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B.C.’s CarboNet ready for ramp-up after cleaning 100b litres of Texas wastewater in 2021

Cleantech firm recently closed financing round to the tune of US$6m
CarboNet researchers at work | Submitted

Amielle Lake recalls her cleantech firm issuing its first invoice in the oil fields of Texas in March 2020, just as oil prices began cratering.

“That was pretty poor timing to say the least,” said the co-founder and chief commercial officer of UBC spinoff CarboNet Nanotechnologies Inc., which specializes in treating wastewater.

“I think they were calling it a double black swan event. We just referred to it as getting punched in the face twice.”

Flash forward almost exactly two years and CarboNet has now secured more than 65 per cent of the market in produced water – the type of water that comes out of fracking – in the Permian Basin, which is located mostly in Texas.

And earlier this month the Vancouver-based cleantech firm announced it had scored another US$6 million in financing in a round led by Monashee Capital Corp. 

That brings its total funding to $26 million in a mix of equity and debt financing.

Even as oil prices plummeted at the start of the pandemic, “we decided to double down and focus because we knew we had something pretty compelling,” according to Lake.

Most wastewater treatments employ chemicals such as peroxide or chlorine dioxide to make water safe for re-use or disposal at industrial sites. It’s a method that pretty much kills everything it touches rather than zeroing in on specific solids, metals or oils in wastewater.

CarboNet’s technology is shifting reliance on such methods at hydraulic fracturing operations in the oilfields through a new treatment derived from organic material.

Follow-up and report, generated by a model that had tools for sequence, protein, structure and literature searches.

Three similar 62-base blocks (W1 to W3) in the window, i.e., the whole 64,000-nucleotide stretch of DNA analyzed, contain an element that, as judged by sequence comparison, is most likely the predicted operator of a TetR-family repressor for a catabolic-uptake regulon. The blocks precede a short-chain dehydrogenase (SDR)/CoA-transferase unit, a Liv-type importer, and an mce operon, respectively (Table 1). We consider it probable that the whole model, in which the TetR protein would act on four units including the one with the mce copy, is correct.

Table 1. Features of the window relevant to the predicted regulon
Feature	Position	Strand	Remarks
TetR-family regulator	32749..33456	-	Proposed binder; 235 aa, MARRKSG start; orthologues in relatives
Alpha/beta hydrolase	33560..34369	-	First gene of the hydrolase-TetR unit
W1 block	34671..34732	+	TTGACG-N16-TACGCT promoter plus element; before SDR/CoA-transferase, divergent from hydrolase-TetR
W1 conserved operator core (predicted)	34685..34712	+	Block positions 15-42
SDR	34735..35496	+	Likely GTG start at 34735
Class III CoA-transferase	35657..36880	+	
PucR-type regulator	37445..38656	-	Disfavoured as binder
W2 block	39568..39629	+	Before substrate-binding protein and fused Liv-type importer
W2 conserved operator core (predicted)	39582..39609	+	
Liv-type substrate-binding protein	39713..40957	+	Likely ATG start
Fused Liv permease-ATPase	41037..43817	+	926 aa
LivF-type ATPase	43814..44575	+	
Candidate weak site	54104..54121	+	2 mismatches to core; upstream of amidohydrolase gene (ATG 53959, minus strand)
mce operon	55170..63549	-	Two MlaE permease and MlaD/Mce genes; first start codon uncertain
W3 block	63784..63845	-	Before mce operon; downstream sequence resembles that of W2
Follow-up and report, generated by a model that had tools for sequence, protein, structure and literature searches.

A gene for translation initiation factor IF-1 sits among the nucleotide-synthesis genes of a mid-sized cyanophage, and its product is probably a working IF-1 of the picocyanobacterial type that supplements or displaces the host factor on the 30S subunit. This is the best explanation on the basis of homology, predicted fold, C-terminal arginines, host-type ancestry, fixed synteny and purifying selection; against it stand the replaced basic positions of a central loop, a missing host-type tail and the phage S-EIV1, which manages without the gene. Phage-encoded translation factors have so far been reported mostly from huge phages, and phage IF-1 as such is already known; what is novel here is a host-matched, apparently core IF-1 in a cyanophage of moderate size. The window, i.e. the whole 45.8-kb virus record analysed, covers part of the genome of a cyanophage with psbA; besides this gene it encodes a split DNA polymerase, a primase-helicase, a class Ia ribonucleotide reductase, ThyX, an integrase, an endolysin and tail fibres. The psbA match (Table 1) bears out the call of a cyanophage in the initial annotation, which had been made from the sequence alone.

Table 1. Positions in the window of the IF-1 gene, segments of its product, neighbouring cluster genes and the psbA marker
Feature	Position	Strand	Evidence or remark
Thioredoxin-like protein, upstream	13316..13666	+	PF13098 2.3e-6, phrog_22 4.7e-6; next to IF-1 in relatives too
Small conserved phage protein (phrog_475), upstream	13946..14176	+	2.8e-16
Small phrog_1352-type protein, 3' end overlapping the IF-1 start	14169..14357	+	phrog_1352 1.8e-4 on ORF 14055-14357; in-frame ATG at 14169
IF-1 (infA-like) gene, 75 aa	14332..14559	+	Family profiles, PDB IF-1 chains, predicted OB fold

This treatment method relies on what it calls Nanonet technology — chemical nanoparticles that target specific contaminants that are then removed from the water.

The technology is used at a containment system — essentially a large container without a roof — located near a frac site and targets specific contaminants inside the wastewater, which then float to the surface of the water to be removed.

The water is then either re-used during fracking or stored in a frac pond.

Contaminants being targeted include iron, hydrocarbons and bacteria.

After trying to ramp up commercialization at the start of 2020, CarboNet found itself not really gaining traction again until the second half of that year.

By 2021, the company shipped seven million litres of its chemical and treated the equivalent of 35,000 Olympic-sized swimming pools.

The company now has 38 employees worldwide, 26 of whom are based in B.C., and altogether it estimates it’s treated 100 billion litres of water in the past year.

“Industry is a huge consumer of freshwater and water scarcity is a real issue,” Lake said. 

“No matter where you are in the world, we are out of water. And in order to help improve that problem – [by giving] freshwater access to people and not machines – industry needs to recycle that water.”

CarboNet, which has an RnD centre in East Vancouver and a 12,000-square-foot manufacturing site in Delta, B.C., is now expanding into new markets and signing on with what Lake describes as large chemical distributors.

“We're pretty excited about the potential,” she said.

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